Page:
UN Declares Iraq Emergency, Gaza Truce Extended, Robot Cooks

A Palestinian boy plays amid the rubble of his destroyed family home.
A Palestinian boy plays amid the rubble of his destroyed family home.

Aug. 14, 2014

The United Nations has declared the situation in Iraq a “Level 3 emergency,” its highest for a humanitarian crisis, as deadly fights between the army and ISIS terrorists killed at least four children west of Baghdad, AP reports.

This came as U.S. troops and aid workers arrived on Mount Sinjar yesterday to help Yazidi refugees taking shelter. According to the Pentagon, the people were fewer in number and in better conditions than earlier thought, making a rescue mission unnecessary, The Washington Post reports.

Israel and Hamas negotiators agreed late yesterday on a five-day extension to the temporary truce despite Israeli strikes in response to alleged rocket fire in the last hours of the previous ceasefire, The Guardian reports. According to Haaretz, the Palestinian delegation to Cairo will meet with several Palestinian leaders before returning to the Egyptian capital Monday for more talks.

A Wall Street Journal report says that Washington halted the transfer of Hellfire missiles Israel requested during the Gaza offensive. This apparently came after senior U.S. officials “were caught off guard last month when they learned that the Israeli military had been quietly securing supplies of ammunition from the Pentagon without their approval,” the newspaper writes.

“I can only write one word at a time, one sentence at a time, one book at a time,” Game of Thrones author George RR Martin told the Edinburgh International Book Festival. Four books and four accompanying TV series later, he says he can't rush the two books yet to be completed.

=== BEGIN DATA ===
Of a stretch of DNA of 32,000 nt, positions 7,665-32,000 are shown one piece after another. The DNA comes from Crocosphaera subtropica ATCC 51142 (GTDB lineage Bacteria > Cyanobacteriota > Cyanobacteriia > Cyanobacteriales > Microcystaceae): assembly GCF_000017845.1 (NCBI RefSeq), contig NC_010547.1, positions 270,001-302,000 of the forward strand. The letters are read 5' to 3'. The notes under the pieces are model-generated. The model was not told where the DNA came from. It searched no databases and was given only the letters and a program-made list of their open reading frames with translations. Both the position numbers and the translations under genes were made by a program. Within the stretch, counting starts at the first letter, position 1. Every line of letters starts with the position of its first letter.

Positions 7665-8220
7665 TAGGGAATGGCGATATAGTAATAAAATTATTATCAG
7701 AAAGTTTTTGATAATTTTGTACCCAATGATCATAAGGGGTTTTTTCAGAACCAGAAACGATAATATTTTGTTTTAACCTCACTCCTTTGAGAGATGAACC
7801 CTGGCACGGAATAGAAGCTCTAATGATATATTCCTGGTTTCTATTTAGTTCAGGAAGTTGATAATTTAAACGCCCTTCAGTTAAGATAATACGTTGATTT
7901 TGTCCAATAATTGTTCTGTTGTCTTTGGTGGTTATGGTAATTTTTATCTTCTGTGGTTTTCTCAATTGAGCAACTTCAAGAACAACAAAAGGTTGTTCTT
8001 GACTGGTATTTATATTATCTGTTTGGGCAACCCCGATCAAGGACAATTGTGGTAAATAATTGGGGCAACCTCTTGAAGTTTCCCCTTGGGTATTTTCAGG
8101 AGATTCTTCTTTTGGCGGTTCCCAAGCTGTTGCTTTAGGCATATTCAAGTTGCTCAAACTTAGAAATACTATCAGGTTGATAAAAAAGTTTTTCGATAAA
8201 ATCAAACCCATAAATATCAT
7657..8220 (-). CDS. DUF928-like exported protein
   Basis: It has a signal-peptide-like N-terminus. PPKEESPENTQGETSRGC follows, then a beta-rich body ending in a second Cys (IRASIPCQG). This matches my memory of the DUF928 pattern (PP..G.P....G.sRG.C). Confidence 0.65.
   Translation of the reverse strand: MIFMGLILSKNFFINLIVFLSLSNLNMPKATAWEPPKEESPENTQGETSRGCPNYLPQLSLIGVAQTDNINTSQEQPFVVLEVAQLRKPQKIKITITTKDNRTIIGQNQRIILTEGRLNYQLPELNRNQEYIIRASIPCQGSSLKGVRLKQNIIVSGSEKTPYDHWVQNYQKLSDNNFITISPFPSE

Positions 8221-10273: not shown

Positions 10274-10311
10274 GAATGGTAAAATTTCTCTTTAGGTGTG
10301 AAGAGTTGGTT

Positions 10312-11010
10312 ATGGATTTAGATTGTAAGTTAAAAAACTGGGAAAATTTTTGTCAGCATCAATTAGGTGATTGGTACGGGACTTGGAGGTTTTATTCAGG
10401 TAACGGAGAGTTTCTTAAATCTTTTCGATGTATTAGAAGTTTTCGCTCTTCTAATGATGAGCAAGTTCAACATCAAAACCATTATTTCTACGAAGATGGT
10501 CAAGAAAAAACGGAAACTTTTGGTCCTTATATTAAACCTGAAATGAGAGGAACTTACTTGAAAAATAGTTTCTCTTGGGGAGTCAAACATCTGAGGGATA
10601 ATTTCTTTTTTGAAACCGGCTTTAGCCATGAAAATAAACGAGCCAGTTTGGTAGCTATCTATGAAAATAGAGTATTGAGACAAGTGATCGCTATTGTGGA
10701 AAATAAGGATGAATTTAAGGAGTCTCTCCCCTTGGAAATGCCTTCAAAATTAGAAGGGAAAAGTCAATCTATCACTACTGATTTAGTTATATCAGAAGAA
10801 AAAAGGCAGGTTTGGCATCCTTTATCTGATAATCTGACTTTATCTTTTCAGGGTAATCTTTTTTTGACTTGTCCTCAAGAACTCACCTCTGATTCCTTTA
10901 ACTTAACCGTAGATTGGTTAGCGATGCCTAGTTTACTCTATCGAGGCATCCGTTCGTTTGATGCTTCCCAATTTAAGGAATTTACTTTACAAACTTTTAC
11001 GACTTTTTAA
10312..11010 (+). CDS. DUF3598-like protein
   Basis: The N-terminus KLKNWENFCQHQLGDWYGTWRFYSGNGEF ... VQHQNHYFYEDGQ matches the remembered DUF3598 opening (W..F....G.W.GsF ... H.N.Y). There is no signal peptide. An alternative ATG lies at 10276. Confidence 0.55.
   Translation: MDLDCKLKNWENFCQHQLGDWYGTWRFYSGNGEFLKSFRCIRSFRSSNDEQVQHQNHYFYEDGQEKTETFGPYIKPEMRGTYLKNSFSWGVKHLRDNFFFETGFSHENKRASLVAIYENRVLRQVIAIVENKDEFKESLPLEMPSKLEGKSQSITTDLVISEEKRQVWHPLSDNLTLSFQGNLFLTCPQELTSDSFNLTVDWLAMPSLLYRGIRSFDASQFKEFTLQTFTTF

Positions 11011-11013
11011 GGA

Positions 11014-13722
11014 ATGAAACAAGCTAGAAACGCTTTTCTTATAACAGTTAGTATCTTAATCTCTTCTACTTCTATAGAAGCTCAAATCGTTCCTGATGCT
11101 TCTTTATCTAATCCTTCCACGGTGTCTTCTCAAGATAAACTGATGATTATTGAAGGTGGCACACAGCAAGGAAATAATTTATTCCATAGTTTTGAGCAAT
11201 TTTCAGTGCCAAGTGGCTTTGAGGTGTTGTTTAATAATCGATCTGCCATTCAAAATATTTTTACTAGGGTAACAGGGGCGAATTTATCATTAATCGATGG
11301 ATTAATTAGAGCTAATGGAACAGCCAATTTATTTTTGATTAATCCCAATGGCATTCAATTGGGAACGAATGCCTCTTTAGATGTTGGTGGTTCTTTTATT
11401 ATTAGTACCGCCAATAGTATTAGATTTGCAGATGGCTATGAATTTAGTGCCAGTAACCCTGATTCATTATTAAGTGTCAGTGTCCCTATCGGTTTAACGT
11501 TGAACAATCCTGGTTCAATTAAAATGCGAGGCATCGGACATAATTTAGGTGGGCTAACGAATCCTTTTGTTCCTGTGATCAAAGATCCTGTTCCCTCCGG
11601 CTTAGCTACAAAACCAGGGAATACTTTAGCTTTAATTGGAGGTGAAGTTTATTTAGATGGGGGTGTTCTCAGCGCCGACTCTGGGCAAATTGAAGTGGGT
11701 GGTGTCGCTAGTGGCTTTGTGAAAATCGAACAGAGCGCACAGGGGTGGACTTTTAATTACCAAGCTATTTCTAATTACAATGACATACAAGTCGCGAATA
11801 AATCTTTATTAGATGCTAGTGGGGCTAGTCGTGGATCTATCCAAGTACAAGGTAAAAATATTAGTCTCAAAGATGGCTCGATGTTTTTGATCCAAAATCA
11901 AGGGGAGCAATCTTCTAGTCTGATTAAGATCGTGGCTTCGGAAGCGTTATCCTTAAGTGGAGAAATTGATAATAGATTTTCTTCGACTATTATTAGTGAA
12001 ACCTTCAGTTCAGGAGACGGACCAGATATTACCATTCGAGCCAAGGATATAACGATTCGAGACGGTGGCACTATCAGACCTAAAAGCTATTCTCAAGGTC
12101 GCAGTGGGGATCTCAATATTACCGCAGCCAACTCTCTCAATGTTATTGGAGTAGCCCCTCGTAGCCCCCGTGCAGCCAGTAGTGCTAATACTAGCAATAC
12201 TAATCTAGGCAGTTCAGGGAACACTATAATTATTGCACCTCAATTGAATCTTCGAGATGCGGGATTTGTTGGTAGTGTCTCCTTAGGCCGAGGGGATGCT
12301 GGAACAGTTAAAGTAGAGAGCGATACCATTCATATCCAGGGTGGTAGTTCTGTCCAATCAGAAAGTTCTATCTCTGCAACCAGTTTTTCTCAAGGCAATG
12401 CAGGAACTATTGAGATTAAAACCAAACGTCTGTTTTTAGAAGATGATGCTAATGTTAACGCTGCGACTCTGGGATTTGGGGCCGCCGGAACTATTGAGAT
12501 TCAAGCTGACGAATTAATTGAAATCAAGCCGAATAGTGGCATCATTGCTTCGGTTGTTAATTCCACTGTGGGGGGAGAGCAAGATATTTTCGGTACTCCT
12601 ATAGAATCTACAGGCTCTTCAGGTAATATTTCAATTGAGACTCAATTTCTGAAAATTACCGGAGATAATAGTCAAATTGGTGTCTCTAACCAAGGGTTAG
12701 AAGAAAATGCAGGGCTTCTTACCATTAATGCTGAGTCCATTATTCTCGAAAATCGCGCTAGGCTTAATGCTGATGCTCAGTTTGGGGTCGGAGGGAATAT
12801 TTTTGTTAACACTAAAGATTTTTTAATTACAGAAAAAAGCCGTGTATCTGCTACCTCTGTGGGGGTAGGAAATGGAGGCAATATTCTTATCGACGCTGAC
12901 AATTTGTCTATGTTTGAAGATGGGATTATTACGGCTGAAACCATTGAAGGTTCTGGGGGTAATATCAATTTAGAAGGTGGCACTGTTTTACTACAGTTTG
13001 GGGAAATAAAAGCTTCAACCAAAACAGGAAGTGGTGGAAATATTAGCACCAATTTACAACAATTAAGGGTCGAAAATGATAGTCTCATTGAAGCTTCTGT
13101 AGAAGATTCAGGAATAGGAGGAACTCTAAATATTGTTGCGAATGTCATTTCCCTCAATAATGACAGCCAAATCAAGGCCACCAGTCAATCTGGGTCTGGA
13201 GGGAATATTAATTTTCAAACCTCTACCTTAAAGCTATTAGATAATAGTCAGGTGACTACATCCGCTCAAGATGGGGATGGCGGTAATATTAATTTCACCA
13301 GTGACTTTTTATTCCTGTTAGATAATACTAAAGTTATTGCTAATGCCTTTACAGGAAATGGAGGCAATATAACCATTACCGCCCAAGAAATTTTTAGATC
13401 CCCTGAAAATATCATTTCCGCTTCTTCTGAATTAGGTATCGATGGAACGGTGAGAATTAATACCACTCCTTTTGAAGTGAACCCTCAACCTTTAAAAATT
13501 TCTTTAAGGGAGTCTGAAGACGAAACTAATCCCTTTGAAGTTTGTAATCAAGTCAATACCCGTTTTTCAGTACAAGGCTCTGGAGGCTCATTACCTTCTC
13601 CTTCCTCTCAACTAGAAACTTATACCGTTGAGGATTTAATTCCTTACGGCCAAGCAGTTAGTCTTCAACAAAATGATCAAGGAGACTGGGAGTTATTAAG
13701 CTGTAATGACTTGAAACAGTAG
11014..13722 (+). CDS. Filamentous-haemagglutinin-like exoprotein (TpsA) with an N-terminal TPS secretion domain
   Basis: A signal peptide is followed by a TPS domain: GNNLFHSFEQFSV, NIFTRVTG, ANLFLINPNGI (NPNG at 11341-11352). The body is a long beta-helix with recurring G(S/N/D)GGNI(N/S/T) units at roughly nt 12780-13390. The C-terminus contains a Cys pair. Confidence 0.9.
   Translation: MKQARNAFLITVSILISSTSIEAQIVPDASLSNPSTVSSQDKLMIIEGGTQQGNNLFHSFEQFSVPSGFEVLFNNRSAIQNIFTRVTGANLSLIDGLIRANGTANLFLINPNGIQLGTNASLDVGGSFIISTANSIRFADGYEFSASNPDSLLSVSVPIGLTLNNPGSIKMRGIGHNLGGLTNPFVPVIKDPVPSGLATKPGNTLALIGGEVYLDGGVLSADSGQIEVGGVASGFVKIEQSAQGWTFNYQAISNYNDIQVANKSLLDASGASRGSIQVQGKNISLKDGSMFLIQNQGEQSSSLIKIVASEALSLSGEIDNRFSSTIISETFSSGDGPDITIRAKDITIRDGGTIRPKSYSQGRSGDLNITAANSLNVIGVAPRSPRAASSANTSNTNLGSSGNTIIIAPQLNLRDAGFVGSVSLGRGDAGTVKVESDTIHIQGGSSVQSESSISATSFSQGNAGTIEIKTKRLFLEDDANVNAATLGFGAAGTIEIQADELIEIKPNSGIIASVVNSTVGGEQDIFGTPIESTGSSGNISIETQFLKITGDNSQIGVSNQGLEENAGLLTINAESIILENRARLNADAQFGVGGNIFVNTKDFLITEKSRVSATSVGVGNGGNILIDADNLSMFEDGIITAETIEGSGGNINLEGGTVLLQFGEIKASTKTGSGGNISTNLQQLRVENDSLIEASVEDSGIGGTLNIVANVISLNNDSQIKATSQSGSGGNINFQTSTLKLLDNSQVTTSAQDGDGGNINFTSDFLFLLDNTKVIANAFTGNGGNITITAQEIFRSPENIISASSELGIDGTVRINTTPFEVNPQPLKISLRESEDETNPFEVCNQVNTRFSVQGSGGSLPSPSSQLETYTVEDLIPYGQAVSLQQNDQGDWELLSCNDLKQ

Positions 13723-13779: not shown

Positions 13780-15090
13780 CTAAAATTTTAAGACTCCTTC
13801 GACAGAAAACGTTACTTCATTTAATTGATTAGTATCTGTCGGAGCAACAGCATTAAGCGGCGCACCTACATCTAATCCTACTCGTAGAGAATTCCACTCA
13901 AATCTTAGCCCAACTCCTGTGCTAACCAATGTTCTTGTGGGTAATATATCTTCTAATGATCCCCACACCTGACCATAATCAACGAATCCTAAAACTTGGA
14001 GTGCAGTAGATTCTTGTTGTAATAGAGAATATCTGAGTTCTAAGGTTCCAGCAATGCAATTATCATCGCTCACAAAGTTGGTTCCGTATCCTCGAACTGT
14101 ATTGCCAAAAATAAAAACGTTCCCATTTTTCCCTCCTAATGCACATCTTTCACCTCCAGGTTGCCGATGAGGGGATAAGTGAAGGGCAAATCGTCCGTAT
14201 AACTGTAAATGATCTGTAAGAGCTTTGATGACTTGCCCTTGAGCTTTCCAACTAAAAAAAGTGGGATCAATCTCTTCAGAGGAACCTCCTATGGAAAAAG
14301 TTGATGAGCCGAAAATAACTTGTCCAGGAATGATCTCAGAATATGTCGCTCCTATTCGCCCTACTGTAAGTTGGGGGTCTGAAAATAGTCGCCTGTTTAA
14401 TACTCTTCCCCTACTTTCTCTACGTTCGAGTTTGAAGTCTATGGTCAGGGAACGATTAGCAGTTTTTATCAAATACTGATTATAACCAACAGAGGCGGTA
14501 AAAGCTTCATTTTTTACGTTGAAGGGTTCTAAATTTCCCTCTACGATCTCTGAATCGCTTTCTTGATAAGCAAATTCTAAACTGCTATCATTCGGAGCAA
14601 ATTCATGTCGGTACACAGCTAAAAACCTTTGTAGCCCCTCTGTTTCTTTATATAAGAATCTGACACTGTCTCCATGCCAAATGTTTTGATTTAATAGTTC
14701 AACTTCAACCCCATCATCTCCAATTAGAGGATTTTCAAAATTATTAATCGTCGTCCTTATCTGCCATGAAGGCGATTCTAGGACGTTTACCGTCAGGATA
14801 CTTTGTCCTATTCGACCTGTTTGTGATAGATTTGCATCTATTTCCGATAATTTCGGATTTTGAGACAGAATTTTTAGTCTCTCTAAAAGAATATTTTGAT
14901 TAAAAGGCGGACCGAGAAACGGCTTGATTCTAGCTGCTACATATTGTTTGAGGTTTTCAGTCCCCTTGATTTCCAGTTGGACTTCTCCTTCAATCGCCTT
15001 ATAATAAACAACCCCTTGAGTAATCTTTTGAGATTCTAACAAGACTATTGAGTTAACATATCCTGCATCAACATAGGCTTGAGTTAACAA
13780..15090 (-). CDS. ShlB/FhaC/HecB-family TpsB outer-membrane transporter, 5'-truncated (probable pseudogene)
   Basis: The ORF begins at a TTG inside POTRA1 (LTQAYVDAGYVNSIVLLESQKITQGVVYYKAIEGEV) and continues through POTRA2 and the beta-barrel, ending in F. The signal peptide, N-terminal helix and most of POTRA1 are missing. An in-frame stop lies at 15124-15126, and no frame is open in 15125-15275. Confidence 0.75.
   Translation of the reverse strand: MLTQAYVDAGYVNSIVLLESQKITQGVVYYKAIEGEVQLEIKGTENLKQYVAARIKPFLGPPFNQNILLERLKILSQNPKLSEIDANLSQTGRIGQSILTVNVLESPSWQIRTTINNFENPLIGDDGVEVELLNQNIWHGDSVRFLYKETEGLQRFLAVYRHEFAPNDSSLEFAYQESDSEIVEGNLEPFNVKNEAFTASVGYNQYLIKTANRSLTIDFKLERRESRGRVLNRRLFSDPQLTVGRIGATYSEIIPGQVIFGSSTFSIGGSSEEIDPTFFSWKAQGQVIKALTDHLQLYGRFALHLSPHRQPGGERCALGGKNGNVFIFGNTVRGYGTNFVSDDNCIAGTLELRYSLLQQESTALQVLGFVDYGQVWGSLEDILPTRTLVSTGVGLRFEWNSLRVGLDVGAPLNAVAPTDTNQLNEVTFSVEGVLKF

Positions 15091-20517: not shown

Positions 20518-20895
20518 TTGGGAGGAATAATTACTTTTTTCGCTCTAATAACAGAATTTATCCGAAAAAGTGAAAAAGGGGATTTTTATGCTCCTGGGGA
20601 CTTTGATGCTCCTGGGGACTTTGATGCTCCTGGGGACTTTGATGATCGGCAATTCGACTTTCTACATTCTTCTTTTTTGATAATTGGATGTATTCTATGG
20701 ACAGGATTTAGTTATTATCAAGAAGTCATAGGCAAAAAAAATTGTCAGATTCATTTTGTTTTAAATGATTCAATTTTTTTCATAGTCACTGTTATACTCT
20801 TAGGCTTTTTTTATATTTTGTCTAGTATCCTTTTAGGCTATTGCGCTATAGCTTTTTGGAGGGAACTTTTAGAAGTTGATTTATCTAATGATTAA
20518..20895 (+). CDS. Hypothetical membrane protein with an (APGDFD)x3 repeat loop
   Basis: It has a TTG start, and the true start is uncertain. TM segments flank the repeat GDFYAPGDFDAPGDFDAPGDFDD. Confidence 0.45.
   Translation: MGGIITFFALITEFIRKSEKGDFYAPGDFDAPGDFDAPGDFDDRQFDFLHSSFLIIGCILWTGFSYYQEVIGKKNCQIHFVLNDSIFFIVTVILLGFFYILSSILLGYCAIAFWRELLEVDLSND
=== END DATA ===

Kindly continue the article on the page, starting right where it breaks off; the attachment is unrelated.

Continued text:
SWAT police officers attacked demonstrators in Ferguson, Mo., last night as they peacefully gathered to protest the Saturday police killing of unarmed 18-year-old Michael Brown. According to The New York Times, “scores of police officers in riot gear and in armored trucks” trained their guns on the crowd and fired tear gas and rubber bullets, while a police spokesman said protesters threw Molotov cocktails. Several people were arrested, including a Washington Post journalist and two reporters from the The Huffington Post. Read the Washington Post writer’s account here. For more, check out this Slate video of yesterday’s violence.


As part of a plan that sounds almost like a movie plot, 500 white rhinos are set to be evacuated from South Africa's Kruger National Park and secretly taken to new homes to protect them from poachers. Although international trade in rhino horns has been illegal since 1977, demand remains high in some Asian countries, the BBC reports, where it is used both in traditional medicine and as a symbol of wealth. The Ministry for the Environment made the decision in an effort to stop the illegal hunting. Read more from Worldcrunch’s Zoo’d blog.

A convoy of more than 100 trucks carrying Russian aid has resumed its journey to eastern Ukraine with its final destination believed to be the rebel-held city of Luhansk, where civilians lack water, food and electricity, the BBC reports. A senior Red Cross official is expected in Kiev and Moscow to discuss aid delivery amid accusations from Kiev that Moscow is using the convoy as cover to send arms to rebels. This comes as separatists in Donetsk said neighborhoods around the city are under heavy shelling from Ukraine government forces.

Pope Francis arrived in South Korea early today for the first papal visit to the country in 25 years, just hours after North Korea fired at least five short-range missiles. Speaking in English at a press conference with President Park Geun-hye, the pontiff said dialogue, not "displays of force," would bring peace between the two countries. Read more from AFP.

Brazilian presidential candidate and leader of the country's Socialist Party Eduardo Campos, 49, was among those killed in the crash of a small plane in Santos, Brazil, Wednesday morning, the country's state news outlet Agencia Brasil reported.

The eurozone's gross domestic product (GDP) stagnated in 2014's second quarter, recording zero growth, according to the statistical office of the European Union, Eurostat.


Automation is spreading fast in China, the world’s biggest consumer of industrial robots, which are now used to stir-fry meat and vegetables and welcome customers in this restaurant near Shanghai.

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Air Next: How A Crypto Scam Collapsed On A Single Spelling Mistake